Regional Startups Venture

Asia Venture Funding In 2023 Hits Lowest Level Since 2015

Asia Quarterly. Illustration of man with bag of $ going down an escalator while robot goes up. [Dom Guzman]

Mirroring the global market, venture funding to startups in Asia in 2023 dropped 38% — falling to its lowest total dollar amount since 2015.

Venture funding in Asia totaled only $78.1 billion in 2023, a steep fall from the $125.2 billion raised in 2022, and a more than 58% drop from the staggering $187.4 billion funded in 2021.

The numbers were not helped by the year’s final quarter. Venture funding struggled in Q4, with only $15.6 billion raised by startups in Asia, the lowest amount since the last quarter of 2015 when only $14 billion was raised by startups, per Crunchbase data.

Deal flow also continued to slow, as only 1,481 deals were consummated in Q4, a 13% decline from the previous quarter and a 22% drop year to year.

Table of contents

Year-to-year drop

With total venture funding in Asia being down so significantly for the year, it is not surprising every stage of funding realized a large decline in 2023.

Early-stage funding led the way with the largest drop. Only $27.9 billion was raised by early-stage startups in Asia last year, a 47% decline from the $52.5 billion raised in 2022.

Angel and seed funding was next, falling 34% from 2022, with such startups raising only $6.5 billion in venture dollars last year.

Finally, late-stage and technology rounds fell 30% — which is significant considering the size of those rounds — from $62.8 billion in 2022 to only $43.7 billion last year.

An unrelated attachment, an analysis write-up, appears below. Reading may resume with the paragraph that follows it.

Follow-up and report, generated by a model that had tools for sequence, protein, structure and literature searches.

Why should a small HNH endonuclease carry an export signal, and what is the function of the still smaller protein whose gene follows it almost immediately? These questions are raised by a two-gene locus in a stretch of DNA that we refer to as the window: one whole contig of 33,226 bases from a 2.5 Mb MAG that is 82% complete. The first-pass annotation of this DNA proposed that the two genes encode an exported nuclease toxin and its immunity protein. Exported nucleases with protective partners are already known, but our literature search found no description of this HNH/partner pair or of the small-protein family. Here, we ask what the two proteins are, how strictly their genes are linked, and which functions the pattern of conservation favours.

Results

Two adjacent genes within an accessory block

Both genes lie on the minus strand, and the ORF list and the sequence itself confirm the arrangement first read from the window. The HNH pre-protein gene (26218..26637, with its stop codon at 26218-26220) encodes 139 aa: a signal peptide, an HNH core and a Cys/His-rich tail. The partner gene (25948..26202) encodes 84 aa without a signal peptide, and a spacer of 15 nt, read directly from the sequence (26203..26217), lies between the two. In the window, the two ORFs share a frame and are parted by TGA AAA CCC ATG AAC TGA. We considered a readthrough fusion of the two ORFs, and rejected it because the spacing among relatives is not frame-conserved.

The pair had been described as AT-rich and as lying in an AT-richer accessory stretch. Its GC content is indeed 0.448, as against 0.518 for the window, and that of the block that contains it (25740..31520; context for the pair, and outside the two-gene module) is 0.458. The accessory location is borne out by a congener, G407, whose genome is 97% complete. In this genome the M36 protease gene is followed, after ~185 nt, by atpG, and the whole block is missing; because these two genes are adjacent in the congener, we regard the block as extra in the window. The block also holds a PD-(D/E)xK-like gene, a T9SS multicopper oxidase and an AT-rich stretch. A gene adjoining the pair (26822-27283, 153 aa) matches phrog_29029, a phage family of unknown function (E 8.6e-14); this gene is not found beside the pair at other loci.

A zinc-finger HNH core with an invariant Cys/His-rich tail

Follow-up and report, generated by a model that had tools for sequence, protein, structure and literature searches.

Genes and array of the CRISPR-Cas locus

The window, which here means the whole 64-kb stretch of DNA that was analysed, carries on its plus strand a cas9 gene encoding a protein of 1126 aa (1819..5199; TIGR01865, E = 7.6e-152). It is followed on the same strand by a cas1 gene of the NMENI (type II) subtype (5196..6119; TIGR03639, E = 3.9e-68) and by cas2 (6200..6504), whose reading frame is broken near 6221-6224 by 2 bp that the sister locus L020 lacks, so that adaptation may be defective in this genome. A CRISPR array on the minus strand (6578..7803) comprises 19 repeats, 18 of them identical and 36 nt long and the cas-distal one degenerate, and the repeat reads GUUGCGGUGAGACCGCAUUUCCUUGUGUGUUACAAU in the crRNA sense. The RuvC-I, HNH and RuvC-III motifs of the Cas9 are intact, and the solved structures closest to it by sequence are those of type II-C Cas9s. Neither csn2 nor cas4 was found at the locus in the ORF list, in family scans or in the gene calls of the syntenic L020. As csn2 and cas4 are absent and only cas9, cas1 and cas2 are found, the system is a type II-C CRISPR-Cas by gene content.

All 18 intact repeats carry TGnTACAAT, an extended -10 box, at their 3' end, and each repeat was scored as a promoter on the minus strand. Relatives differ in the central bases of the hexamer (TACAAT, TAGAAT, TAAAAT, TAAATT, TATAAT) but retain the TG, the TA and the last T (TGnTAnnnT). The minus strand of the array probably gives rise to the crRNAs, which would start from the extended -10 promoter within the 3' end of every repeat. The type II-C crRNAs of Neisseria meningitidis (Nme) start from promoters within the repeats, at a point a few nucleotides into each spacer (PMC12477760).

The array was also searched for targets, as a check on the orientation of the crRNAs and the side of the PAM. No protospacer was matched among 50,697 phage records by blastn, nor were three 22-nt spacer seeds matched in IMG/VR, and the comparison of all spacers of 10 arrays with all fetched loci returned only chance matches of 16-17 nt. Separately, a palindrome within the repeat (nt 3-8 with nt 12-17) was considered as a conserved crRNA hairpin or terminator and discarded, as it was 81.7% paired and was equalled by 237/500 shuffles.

Late-stage and growth rounds nosedive

Interestingly, the slow Q4 was hurt most by a lack of those large late-stage and growth rounds. Startups raising those rounds received only $15.6 billion, a drop of 31% from the previous quarter and a decrease of 34% from Q4 2022, which saw $23.8 billion invested.

Some of the biggest deals included:

  • Singapore-based Lazada Group, an online shopping site, raised a $634 million corporate round from Alibaba Group.
  • Saudi Arabia-based Tamara, a shopping and payments platform, raised a $340 million Series C.
  • India-based Udaan, a B2B trade platform for manufacturers, retailers and wholesalers, raised a $340 million Series A.

Deal pace in Q4 was similar to the previous quarter with 161 deals, but that number also represented a 21% decline from the 204 late- and technology-stage deals completed in Q4 2022.